New Delhi, Aug. 4: The 41 Indian nationals abducted in Iraq are “alive and well”, foreign minister Sushma Swaraj told Parliament today, citing information from several sources.
“I can assure you we have documents that prove they are safe. I had shared the details with my colleague Harsimrat Kaur Badal,” Sushma said in the Rajya Sabha. Most of the 41 are from Punjab, where Union food processing minister Badal hails from.
Sushma, who asserted the government was making all efforts to secure the hostages’ release, said this while replying to a calling-attention motion initiated by Congress MP Ambika Soni and supported by 13 others, including Trinamul MPs D. Bandyopadhyay and Derek O’Brien.
Soni had moved the motion claiming there were reports that the workers, allegedly abducted by the Islamic State from Mosul in mid-June, were being made to work as labourers to transport weapons for the outfit.
Soni said that while the government’s statement today mentioned 4,900 Indians had returned, little detail was available on the 41 still missing. “We have no direct contact with them but there are numerous sources through which we know they are alive and well,” Sushma replied.
The minister said she was disappointed with an earlier remark by K.C Tyagi of the JD(U) who had cited purported Red Cross reports to express fears that the Indians may not be alive.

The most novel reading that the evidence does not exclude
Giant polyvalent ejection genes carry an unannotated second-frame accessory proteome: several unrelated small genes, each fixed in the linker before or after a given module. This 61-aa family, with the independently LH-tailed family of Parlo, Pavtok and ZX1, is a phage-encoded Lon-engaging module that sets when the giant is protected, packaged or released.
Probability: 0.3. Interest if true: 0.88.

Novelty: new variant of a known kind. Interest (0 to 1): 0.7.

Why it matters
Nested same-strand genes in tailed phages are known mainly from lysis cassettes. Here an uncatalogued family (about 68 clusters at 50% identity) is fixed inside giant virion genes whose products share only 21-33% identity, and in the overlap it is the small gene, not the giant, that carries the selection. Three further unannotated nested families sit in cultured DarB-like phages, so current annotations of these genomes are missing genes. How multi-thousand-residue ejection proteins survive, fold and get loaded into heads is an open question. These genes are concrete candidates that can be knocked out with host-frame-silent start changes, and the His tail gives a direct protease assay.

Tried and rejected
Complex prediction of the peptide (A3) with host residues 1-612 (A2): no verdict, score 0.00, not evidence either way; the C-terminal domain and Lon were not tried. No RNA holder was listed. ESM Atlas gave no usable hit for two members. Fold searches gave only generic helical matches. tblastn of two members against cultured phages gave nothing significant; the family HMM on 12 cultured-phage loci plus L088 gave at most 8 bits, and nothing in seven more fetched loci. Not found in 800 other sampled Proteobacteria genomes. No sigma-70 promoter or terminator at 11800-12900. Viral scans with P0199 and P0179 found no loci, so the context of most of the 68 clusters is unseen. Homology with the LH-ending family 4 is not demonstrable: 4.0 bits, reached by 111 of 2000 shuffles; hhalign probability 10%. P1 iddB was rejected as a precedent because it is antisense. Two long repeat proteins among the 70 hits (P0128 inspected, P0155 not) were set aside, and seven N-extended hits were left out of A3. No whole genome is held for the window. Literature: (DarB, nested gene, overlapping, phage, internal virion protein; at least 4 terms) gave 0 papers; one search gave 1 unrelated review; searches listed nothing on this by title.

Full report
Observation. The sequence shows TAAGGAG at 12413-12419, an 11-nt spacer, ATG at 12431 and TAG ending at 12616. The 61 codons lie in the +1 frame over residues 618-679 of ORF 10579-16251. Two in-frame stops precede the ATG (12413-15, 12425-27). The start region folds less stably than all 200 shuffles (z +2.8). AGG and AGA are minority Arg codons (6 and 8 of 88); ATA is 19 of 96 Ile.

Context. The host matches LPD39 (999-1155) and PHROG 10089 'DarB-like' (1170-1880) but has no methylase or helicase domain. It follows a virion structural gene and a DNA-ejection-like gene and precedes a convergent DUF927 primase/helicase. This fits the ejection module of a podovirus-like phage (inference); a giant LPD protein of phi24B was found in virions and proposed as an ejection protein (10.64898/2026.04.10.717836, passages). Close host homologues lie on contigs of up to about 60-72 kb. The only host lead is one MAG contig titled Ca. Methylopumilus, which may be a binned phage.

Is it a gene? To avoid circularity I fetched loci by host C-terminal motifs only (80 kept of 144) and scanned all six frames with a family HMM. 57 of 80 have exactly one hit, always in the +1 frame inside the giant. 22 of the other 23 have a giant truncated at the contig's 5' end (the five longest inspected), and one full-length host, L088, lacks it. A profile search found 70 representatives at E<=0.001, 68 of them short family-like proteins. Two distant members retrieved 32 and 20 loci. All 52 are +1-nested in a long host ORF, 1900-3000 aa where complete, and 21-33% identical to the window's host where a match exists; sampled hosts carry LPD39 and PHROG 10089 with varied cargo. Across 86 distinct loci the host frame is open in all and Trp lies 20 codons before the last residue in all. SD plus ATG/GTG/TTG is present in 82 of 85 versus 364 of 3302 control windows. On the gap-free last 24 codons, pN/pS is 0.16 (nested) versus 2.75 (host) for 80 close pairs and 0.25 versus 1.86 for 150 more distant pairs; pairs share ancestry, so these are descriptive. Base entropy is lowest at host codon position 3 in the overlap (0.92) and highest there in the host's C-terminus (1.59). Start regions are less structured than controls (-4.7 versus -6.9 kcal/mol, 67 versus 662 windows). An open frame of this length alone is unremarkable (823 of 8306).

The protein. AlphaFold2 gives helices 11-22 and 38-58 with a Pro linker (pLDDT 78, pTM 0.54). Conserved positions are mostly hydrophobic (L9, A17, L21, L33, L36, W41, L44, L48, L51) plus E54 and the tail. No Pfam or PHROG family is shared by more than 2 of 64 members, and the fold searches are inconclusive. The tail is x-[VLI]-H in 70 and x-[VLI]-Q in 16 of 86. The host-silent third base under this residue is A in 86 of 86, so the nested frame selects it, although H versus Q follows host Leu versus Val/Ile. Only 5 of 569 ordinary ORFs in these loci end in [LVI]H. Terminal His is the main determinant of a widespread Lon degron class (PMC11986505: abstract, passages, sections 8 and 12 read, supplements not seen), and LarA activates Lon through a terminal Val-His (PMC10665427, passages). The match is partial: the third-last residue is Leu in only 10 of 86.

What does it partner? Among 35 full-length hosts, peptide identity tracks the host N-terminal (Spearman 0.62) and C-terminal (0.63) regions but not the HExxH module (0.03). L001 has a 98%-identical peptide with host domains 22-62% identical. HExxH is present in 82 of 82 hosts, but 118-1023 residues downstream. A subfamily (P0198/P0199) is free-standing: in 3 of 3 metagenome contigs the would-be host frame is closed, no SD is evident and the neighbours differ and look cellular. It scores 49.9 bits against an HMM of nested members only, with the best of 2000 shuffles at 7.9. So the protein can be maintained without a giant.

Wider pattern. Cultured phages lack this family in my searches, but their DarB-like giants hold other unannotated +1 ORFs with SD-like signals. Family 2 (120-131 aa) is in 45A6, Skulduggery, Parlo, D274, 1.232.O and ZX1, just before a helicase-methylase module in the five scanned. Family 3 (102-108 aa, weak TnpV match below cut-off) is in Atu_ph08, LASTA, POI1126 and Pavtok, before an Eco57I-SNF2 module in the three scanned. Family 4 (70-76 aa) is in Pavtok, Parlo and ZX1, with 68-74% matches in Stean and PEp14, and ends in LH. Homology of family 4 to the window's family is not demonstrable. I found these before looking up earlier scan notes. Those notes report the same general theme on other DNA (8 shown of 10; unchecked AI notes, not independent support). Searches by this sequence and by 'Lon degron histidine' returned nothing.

The government, Sushma said, has knocked on every door to get information on the hostages. “We had heard they were going to be released after Idů I am waiting for them like a mother waiting for her sons,” the minister said.
The government is watching with concern the situation in Iraq it terms “critical and fragile” since the Islamic State began attacks on June 8.
Sushma’s statement today was a reaffirmation of another she had made in the Lok Sabha on July 24, but this one came with fresh figures. According to the data till Saturday, over 4,900 Indian nationals were provided assistance to return home, including air tickets for 3,938 of them.
Soni also asked if the Centre had raised the issue with the US during last week’s visit by secretary of state John Kerry. “We have spoken to all agencies, all the people concerned,” Sushma replied.